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Arnold Schoenberg (1874 - 1951) studied composition for a brief time with Alexander von Zemlinsky, but he was otherwise largely self-taught. His early compositions are lushly late-romantic in character. In 1909, Schoenberg's compositional style changed dramatically with a shift towards atonality. He would not compose in the "twelve tone" style for which he is most famous until the 1920s.

An ongoing series of releases and reissues on the Naxos label by Robert Craft and the Philharmonia Orchestra offer the listener the opportunity to explore a great deal of Schoenberg's music. In this CD, Craft and the Philharmonia perform an early work, "Pelleas und Melisande" together with a radical work of Schoenberg's early maturity, the notorious "Erwartung". This music is difficult, but it offers insight into the composer and his development. "Erwartung" is properly regarded is one of his masterworks.

Schoenberg composed "Pelleas und Melisande", opus 5 in 1902-03 under the inspiration of the play by Maurice Maeterlinck. Schoenberg was unaware at the time that Debussy was setting the same text as an opera. Jean Sibelius and Gabriel Faure were among other composers drawing inspiration from Maeterlinck's drama. The story is set in a forest, and its themes are the matters of romance and mystery: illicit love, vengeance, and eroticism. Schoenberg set the story in a tone-poem for large orchestra. The work is in a single movement of approximately 40 minutes. Greeted with disdain upon its initial performance, Schoenberg's Pelleas became one of his more accessible and popular works.

Schoenberg's Pelleas owes a great deal to Mahler and Richard Strauss in its heavy, chromatic late romantic style. On first hearing, it struck me as overwrought and bloated. The work is heavily contrapuntal with each of the three protagonists in Maeterlinck's drama represented by an elaborate theme. The music changes in character between serenity, romantic passion, and vengeance and anger. The orchestral writing is full of color and solo passages for many instruments. Schoenberg is frequently denigrated for the allegedly overly-cerebral character of his music; but this charge cannot seriously be leveled at his early compositions. Rather, this work is overripe and emotive to a fault. I came to enjoy it more after several hearings, but late romantic excess is not my favorite type of music.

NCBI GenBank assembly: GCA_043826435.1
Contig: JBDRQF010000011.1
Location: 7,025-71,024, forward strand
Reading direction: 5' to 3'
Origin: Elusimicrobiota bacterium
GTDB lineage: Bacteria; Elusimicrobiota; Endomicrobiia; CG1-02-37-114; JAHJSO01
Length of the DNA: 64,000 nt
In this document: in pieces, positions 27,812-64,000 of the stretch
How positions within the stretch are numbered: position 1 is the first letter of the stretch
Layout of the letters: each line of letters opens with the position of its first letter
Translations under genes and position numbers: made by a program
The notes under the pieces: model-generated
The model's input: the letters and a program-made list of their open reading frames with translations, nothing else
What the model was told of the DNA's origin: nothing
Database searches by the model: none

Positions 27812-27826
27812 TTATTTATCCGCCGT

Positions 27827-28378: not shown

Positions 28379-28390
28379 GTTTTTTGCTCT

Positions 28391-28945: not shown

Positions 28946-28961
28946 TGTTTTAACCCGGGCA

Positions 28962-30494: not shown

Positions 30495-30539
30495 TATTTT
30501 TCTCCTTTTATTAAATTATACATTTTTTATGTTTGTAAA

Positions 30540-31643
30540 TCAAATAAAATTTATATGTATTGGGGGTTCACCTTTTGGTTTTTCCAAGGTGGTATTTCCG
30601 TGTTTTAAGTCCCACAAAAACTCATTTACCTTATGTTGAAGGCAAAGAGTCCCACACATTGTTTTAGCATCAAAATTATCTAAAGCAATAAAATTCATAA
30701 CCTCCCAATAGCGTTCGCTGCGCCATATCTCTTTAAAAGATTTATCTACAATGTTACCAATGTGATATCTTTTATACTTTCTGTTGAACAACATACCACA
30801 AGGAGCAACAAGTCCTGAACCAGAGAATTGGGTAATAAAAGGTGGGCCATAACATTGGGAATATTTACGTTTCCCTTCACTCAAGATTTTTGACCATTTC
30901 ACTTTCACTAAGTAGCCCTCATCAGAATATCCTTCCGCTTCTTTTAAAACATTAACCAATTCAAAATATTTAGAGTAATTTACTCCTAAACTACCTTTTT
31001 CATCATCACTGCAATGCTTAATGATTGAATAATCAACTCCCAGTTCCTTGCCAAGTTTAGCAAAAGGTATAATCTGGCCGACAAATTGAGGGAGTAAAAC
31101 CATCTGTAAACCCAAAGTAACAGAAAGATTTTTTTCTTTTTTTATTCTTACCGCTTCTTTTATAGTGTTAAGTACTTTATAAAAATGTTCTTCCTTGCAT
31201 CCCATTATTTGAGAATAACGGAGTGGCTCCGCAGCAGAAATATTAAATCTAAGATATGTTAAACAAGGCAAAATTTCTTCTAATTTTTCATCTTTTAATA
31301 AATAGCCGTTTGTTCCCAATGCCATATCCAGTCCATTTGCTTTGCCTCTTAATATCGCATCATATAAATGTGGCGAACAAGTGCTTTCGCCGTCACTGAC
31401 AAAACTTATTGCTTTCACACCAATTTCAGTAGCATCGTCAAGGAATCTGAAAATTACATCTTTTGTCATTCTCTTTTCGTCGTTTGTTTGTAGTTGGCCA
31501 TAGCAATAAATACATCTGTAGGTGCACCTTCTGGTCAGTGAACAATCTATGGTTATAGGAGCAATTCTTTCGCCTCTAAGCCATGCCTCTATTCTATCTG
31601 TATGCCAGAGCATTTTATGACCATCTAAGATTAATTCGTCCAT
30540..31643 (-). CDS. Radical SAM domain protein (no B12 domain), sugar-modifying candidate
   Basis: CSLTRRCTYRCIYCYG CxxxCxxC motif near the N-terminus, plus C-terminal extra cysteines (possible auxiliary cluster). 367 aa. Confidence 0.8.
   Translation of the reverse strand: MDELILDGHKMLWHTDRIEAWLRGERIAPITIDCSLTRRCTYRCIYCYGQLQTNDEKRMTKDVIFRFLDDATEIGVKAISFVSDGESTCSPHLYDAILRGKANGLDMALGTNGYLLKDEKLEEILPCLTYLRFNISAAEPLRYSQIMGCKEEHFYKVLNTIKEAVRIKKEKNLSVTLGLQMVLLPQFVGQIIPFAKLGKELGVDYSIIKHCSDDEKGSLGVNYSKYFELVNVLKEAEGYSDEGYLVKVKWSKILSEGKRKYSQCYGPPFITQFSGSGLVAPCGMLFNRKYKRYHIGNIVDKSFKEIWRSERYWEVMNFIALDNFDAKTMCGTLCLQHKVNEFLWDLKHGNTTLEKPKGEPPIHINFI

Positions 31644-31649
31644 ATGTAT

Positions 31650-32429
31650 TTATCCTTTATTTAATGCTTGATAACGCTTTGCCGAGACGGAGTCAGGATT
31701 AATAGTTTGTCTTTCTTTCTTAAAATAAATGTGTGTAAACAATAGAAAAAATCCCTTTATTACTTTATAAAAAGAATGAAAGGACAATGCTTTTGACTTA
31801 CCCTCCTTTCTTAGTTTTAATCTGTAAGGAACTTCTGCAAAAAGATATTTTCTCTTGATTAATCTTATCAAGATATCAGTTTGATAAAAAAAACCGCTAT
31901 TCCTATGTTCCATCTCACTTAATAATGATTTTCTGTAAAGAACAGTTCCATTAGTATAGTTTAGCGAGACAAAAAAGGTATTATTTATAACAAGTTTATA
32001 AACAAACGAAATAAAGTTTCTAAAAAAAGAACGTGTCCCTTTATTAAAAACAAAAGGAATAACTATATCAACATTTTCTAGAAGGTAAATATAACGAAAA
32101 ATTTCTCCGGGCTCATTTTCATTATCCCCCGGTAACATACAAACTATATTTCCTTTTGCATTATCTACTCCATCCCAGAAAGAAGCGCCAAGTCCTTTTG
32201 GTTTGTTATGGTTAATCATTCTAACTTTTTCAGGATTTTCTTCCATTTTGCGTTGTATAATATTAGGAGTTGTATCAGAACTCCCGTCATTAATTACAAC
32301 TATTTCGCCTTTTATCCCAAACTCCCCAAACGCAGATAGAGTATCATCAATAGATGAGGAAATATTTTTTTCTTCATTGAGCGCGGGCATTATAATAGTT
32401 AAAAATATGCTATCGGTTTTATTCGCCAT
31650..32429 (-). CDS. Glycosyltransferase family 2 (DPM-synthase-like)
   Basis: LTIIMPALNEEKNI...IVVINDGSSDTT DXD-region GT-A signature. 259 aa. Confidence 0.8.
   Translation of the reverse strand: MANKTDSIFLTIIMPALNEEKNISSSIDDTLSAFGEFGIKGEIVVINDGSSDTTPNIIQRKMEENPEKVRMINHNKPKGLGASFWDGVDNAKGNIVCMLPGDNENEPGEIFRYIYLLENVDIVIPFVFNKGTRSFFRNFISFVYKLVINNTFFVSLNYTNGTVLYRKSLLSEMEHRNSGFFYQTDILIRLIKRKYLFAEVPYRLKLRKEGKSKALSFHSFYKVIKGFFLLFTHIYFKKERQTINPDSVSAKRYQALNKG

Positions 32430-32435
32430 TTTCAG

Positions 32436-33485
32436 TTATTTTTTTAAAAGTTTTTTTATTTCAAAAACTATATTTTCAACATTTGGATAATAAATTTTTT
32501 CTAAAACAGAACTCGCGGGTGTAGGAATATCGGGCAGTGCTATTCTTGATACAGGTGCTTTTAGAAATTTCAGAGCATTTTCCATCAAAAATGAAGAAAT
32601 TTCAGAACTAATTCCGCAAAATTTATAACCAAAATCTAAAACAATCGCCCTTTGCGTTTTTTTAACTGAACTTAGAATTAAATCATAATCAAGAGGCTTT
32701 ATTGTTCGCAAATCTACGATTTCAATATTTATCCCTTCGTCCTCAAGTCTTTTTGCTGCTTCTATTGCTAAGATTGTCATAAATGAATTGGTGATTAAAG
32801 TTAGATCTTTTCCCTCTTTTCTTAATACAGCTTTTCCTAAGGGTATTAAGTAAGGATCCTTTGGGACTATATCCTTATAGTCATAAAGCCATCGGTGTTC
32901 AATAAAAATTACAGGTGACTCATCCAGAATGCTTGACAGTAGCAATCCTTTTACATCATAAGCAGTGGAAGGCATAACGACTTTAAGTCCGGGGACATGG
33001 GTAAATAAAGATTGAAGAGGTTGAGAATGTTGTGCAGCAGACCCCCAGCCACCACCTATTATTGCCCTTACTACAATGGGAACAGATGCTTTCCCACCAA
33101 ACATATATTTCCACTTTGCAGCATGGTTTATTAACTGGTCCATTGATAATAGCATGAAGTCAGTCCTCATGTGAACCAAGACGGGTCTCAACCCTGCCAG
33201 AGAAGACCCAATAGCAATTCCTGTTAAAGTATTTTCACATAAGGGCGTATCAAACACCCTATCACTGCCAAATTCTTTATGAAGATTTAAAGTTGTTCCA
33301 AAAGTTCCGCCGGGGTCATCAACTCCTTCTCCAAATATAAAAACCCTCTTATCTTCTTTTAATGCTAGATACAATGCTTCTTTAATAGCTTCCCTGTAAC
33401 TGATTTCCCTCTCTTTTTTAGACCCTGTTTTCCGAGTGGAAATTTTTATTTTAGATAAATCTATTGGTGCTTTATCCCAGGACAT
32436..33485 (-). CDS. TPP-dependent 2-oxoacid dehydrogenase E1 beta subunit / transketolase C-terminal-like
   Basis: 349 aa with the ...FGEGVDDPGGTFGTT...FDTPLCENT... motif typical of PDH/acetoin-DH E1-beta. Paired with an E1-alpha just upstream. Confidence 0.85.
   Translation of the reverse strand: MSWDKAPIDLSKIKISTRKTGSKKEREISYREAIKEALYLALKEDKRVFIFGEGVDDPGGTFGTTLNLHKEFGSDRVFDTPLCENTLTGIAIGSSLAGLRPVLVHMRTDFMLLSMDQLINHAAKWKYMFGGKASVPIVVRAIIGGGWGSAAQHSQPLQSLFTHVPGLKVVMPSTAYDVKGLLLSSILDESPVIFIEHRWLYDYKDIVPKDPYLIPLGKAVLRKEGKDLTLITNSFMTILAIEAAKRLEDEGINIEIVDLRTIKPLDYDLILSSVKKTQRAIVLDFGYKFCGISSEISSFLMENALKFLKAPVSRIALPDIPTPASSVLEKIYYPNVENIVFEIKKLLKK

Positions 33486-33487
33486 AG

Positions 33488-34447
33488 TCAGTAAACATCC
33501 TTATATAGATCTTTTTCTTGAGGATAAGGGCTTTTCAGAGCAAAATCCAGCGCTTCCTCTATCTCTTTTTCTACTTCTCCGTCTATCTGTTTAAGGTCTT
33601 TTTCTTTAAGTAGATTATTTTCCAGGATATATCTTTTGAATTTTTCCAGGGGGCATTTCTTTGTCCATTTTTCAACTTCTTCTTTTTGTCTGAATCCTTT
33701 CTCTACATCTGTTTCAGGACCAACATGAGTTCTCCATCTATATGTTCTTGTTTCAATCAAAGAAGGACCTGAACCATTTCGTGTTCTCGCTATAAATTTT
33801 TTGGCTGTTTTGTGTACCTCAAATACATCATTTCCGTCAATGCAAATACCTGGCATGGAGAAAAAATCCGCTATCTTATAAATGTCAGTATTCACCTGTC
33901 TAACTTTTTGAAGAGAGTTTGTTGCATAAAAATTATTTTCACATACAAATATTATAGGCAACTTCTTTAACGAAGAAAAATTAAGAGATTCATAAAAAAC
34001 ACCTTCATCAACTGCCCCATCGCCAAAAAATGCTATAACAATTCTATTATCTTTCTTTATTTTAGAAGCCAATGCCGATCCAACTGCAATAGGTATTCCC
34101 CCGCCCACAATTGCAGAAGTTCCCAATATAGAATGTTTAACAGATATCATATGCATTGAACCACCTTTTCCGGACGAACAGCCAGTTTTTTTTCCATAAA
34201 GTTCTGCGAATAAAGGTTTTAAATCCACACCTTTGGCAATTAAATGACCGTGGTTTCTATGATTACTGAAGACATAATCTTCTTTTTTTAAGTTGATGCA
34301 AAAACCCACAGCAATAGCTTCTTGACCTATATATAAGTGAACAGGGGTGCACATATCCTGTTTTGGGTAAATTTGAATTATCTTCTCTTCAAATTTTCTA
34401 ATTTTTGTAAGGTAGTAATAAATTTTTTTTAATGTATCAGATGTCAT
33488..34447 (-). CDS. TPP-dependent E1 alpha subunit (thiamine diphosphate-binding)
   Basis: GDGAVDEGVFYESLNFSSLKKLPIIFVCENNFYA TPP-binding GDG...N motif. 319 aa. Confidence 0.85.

It is valuable to compare "Pelleas" with "Erwartung" ["Expectation"] , opus 17, which Schoenberg composed in his pivotal year of 1909. This works is a "monodrama for soprano and large orchestra" which is in three short scenes and one long scene, all of which are interconnected. The work takes about 28 minutes to perform. A young medical student, Marie von Pappenheim, wrote the troubling text which Schoenberg set to music in about three weeks. The work remained unperformed until 1924 when it was performed in Prague under the direction of Zemlinsky. Soprano Anja Silja performs the demanding solo part in this recording. She has recorded "Erwartung" several times, and she displays great understanding of this score.

In its music and in its text, "Erwartung" remains a quintessentially modernistic work. The vocal line is declamatory and wandering, on the border between speech and song. It covers an extraordinary emotional range from shrieks to sobs to passages of anger, wandering and disorientation. The music is both athematic and atonal, and is written to capture the stream of consciousness of its troubled protagonist. There are frequent rhythm and tempo changes in the piece. The large and varied orchestral writing mirrors the emotional trauma of the singer.

Although both "Pelleas" and "Erwartung" were composed for large orchestra, the latter composition punctures the musical language of the former to establish a modernistic, taut musical voice. But "Erwartung" for all its modernism has many points of contact with its predecessors. It is romantic in its setting (a lonely forest) and in its intense subjectivism. The work takes the same romantic themes of "Pelleas" - frustrated female sexuality, love, anger, and murder - and intensifies them. The singer wanders through the forest searching for a lover whom she has herself earlier killed in a fit of jealousy. The music captures the heart of a lost, wandering, and disoriented individual. Schoenberg becomes a "modern" composer with this work, but he remains a composer who is fully tied to passion and feeling.

These two works offer a good way to come to understand Schoenberg and to learn what changed and what remained constant in his musical development. They may not be the best works for those listeners just starting with the composer. "Erwartung" remains one of his most difficult and characteristic scores. It is probably not for everyone, but it will repay careful listening.

Robin Friedman
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